Here are the top NBA Draft prospects you won't see in the NCAA tournament
Not everyone is dancing this year in the NCAA men's tournament, and there are a few NBA draft prospects we won't see on the biggest stage in college basketball.
Of course there are the top prospects that elected other routes other than college basketball — Victor Wembanyama (France), Scoot Henderson (G League Ignite), Amen and Ausar Thompson (Overtime Elite) - but this college season there are quite a few draft prospects that won't be making an appearance in the field of 68.
Michigan failed to make the tournament for the first time under head coach Juwan Howard and it was a rebuild year for Villanova in the Big East in their first season without Hall of Fame head coach Jay Wright. Both teams had potential lottery picks leading their teams this season but couldn't translate the talent on the court to more wins.
Below are eight college-level NBA prospects we won't see in the NCAA men's tournament.
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Cam Whitmore, Villanova
Draft stock: 7-14
Freshman: 12.5 ppg, 5.3 rpg
Whitmore had a disappointing season that started off with a thumb injury on his shooting hand that left him sidelined until December. He struggled to find any kind of rhythm under new head coach Kyle Neptune, and NBA scouts didn't get a chance to see him play consistently throughout the season. Whitmore does possess traits to be successful at the NBA level. He's a big guard at 6-foot-7, 232 pounds who has a polished handle and is explosive in the lane. Whitmore averaged under one assist per game but it's not a great indication of who he is as a facilitator. Even with his struggles on a 17-16 Villanova team, Whitmore was named the Big East Freshman of the Year and could continue to see his draft stock rise during pre-draft workouts with NBA teams.
.@markarmstr0ng1 🆙🔝 @_camwhitmore_ pic.twitter.com/MtmxMFDYHA
— Villanova MBB (@NovaMBB) March 9, 2023
Jett Howard, Michigan
Draft stock: 10-16
Freshman: 14.2 ppg, 2.1 apg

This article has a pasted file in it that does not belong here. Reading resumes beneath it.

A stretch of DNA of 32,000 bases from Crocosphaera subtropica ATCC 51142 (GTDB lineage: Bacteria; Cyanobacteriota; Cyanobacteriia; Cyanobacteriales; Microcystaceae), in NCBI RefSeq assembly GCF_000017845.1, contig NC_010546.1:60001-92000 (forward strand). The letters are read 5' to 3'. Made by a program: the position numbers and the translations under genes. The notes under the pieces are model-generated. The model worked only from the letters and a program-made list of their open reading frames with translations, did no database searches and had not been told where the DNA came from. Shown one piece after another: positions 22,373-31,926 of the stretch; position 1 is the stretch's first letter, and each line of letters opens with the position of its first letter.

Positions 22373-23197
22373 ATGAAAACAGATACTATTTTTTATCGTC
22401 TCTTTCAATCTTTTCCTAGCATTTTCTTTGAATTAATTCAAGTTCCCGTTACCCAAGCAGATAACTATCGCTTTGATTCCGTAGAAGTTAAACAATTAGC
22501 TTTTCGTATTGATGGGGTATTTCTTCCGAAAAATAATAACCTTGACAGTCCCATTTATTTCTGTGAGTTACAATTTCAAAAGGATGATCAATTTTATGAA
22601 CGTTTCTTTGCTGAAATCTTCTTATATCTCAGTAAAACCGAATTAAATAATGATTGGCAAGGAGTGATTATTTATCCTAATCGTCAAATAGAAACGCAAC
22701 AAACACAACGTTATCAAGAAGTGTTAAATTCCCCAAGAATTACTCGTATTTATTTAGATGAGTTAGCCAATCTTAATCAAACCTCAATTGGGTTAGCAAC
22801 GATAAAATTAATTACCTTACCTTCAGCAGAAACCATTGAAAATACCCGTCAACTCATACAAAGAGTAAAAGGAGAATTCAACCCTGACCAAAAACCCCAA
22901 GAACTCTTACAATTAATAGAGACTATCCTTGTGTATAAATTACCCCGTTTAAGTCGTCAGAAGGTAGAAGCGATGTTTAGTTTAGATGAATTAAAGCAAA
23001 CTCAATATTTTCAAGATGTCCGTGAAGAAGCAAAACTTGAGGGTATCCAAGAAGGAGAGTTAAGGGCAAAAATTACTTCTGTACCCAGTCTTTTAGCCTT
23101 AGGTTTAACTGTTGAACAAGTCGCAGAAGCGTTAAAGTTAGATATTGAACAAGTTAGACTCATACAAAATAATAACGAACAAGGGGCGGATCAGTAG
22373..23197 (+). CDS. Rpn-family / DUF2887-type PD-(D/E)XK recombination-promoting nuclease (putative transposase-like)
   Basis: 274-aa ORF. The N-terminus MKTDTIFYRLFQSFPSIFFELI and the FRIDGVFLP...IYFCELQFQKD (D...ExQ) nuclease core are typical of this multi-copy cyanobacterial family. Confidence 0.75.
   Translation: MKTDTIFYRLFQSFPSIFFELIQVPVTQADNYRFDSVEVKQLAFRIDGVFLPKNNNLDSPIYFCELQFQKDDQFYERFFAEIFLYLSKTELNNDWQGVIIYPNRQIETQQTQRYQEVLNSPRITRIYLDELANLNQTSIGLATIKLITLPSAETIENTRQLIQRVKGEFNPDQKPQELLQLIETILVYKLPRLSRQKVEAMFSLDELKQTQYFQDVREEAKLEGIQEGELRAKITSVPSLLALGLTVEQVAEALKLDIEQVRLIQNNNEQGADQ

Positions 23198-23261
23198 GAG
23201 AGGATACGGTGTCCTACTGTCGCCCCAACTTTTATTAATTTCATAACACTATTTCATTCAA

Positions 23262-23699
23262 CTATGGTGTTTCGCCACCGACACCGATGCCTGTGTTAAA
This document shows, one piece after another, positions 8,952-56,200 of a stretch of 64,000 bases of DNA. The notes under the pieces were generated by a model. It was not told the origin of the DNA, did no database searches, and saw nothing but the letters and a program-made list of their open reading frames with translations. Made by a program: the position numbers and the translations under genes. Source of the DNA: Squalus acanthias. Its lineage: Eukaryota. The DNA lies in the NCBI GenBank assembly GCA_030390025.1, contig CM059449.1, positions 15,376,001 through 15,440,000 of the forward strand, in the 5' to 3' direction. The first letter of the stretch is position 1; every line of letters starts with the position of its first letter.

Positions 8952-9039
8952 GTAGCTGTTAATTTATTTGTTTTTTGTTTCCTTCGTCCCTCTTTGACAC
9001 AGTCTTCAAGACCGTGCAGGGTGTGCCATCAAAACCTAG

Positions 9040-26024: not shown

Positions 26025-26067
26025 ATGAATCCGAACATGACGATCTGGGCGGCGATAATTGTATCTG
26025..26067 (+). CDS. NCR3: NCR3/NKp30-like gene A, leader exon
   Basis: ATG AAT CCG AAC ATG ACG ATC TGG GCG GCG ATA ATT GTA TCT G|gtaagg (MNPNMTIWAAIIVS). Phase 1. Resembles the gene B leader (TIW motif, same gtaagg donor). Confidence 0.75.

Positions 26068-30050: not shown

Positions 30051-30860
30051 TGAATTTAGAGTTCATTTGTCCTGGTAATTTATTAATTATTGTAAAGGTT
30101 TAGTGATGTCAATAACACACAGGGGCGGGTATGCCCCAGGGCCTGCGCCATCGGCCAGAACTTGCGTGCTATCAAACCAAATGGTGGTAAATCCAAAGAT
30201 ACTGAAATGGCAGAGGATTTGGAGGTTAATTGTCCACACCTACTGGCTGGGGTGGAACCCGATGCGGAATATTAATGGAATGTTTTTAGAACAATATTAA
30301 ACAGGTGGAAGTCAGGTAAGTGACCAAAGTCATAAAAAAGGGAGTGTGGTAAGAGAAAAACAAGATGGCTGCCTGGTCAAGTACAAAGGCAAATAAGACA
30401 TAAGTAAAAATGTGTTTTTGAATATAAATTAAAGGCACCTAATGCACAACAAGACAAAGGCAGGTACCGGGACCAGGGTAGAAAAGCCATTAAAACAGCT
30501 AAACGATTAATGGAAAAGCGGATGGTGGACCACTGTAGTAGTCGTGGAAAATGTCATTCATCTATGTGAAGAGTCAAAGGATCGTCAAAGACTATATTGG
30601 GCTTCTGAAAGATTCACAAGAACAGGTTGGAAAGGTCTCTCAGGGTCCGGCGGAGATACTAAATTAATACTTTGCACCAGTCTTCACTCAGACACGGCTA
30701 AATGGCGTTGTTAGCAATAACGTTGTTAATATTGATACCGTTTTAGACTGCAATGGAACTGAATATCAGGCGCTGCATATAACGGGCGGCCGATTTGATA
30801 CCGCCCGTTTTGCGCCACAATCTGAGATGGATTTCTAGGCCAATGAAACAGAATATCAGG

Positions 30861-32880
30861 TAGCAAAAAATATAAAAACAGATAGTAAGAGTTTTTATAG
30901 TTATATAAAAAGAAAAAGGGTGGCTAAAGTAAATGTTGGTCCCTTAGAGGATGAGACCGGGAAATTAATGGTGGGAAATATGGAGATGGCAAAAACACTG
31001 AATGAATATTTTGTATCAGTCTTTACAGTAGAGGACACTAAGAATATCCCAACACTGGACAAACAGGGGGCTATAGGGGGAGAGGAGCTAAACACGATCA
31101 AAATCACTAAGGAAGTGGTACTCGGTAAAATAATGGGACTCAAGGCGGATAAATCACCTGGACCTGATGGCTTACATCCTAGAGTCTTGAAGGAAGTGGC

Howard ended the season with an ankle injury and couldn't get back to 100% healthy in order to help Michigan make a late run in the Big Ten tournament. Howard uses his size at 6-foot-8 to his advantage when creating separation off a shot and he has the ability to really get hot from behind the arc, recording six or more 3-pointers twice this season and shooting 37% from deep. His lateral quickness on defense remains an area of development and his shot selection at times needs improvement, but Howard has done enough this season for NBA teams to take him as a top-20 pick in the draft.
Taylor Hendricks, UCF
Draft stock: 10-18
Freshman: 15.3 ppg, 6.9 rpg
Hendricks never really hit his freshman slump all season long and showcased his versatility as a swing-four in his shot creation off the block. The 6-foot-9 freshman shot 40% from 3-point range on five attempts per game and in a three-game stretch at the end of the season, Hendricks averaged 22 points, 8.3 rebounds and two blocks. Defensively, Hendricks can step out and guard the perimeter on the switch and alters shots with his long frame. The 19-year-old has untapped potential as a pro and would benefit learning and growing his game under a NBA system, putting him in the lottery discussion.
G.G. Jackson, South Carolina
Draft stock: 13-20
Freshman: 15.4 ppg, 5.9 rpg